MILLER: Yeah, I was just thinking of that. And whoever had the most tear-jerking story would win. Reality TV begins with that and with Candid Camera.
SHAW: You know Alan Funt? He was an art historian, and saw the show as a Surrealist effort.
MILLER: Oh, really? When I was at RISD, my roommate’s father was on Candid Camera. They had a revolving door and they set it up where they could put rods through and trap people on their lunch break. He happened to have been a Golden Gloves boxer. So when they let him out and the host said, “Smile, you’re on Candid Camera!” he just punched the guy and kept walking. [Laughs.]
SHAW: [Laughs.] I wonder how rare that was—that they got punched.
MILLER: I think it’s very rare because with this kind of media function it’s obligatory to accept the premise. The other thing is how the whole reality TV ethos has moved into politics in volatile and unpredictable ways. Like reality TV stars like Palin and Trump waging their ideological battles based on the shaming that’s intrinsic to reality TV’s game structure. Or like ISIS conducting its campaigns—its beheadings—along these lines.
SHAW: Do you want to talk any more about Magnum P.I.? Anything else we should cover?
MILLER: Well, the thing that I was going to say about Magnum P.I. was that I would watch it when I would stay with Mike Kelley when I came out in LA.
SHAW: [Laughs.] Because he was watching it?
MILLER: No, no, I got him to watch it. What I liked about it was that it was one of the first shows that featured a gay subtext. “Magnum” was supposed to be a straight heartthrob but he lived with a bookworm, Higgins, who was always scolding him, perched on one of those rolling library ladders. Mike just watched it because of me and he always said, “There’s too much Magnum and too little Higgins.”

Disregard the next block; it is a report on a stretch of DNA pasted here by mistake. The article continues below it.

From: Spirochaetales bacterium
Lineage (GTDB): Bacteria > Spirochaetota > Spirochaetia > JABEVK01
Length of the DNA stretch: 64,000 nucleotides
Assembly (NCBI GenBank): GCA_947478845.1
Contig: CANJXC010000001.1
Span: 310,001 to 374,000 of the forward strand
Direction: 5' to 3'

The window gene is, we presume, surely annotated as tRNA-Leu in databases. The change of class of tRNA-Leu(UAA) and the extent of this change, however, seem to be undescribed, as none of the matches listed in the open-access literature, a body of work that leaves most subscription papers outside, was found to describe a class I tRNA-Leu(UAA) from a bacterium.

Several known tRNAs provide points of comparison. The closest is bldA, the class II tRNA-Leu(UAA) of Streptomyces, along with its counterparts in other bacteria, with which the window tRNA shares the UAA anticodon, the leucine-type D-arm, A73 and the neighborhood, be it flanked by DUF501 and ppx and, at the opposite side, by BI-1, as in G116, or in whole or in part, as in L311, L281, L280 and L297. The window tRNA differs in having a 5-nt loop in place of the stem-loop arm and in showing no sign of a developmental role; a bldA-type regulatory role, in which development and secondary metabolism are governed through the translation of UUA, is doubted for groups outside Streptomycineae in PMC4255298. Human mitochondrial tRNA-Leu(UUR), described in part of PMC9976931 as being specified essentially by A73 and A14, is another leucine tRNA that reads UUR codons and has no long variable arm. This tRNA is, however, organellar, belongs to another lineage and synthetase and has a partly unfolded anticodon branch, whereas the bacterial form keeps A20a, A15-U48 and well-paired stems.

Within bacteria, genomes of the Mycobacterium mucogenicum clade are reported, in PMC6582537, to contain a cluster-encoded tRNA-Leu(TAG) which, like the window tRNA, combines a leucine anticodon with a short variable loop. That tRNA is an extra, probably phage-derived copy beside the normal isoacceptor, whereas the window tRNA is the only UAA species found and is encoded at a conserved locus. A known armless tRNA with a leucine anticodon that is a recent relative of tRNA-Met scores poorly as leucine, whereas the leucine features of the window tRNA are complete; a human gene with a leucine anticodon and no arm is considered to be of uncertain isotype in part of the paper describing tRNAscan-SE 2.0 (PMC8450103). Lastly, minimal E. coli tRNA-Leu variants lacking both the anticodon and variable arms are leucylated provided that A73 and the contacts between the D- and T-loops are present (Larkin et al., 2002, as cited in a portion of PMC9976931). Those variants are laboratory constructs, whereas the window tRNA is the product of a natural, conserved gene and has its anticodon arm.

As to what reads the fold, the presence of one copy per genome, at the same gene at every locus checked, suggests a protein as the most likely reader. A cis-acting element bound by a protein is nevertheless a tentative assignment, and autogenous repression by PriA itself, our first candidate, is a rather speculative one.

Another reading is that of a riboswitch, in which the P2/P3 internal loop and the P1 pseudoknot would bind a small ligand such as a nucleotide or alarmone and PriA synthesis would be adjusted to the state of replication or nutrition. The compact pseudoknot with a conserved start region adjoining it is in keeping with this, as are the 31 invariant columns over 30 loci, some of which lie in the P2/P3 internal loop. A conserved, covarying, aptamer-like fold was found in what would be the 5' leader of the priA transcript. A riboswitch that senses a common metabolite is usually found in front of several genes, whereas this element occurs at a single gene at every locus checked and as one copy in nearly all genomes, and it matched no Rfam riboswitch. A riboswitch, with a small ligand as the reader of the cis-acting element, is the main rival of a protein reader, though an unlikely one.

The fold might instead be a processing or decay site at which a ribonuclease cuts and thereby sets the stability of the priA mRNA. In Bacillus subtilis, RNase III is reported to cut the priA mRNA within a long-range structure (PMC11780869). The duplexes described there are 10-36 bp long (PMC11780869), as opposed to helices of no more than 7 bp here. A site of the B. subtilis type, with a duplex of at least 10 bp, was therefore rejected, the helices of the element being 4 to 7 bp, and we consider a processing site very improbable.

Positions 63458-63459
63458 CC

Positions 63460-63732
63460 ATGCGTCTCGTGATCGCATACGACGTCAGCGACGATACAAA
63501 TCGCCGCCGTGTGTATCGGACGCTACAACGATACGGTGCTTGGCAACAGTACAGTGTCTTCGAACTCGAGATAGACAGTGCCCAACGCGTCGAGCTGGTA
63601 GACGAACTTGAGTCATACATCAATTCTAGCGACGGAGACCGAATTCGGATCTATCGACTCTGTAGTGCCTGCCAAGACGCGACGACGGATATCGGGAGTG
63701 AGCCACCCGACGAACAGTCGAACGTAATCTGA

SHAW: When Magnum was on he was basically wearing a gay mustache and that was the costume that they gave him at the time. But I’m not sure where the Hawaiian shirt fits into that.
MILLER: It was shot in Hawaii. That was also an excuse for Magnum to be wearing short shorts.
SHAW: Right, right. We actually bumped into him and his daughter at the liquor store when we were in Hawaii setting up a thrift store show.
MILLER: Oh, really?
SHAW: He was wearing a Hawaiian shirt and still had a mustache.
MILLER: So, maybe now we’ve covered everything.
SHAW: [Laughs.] Certainly now.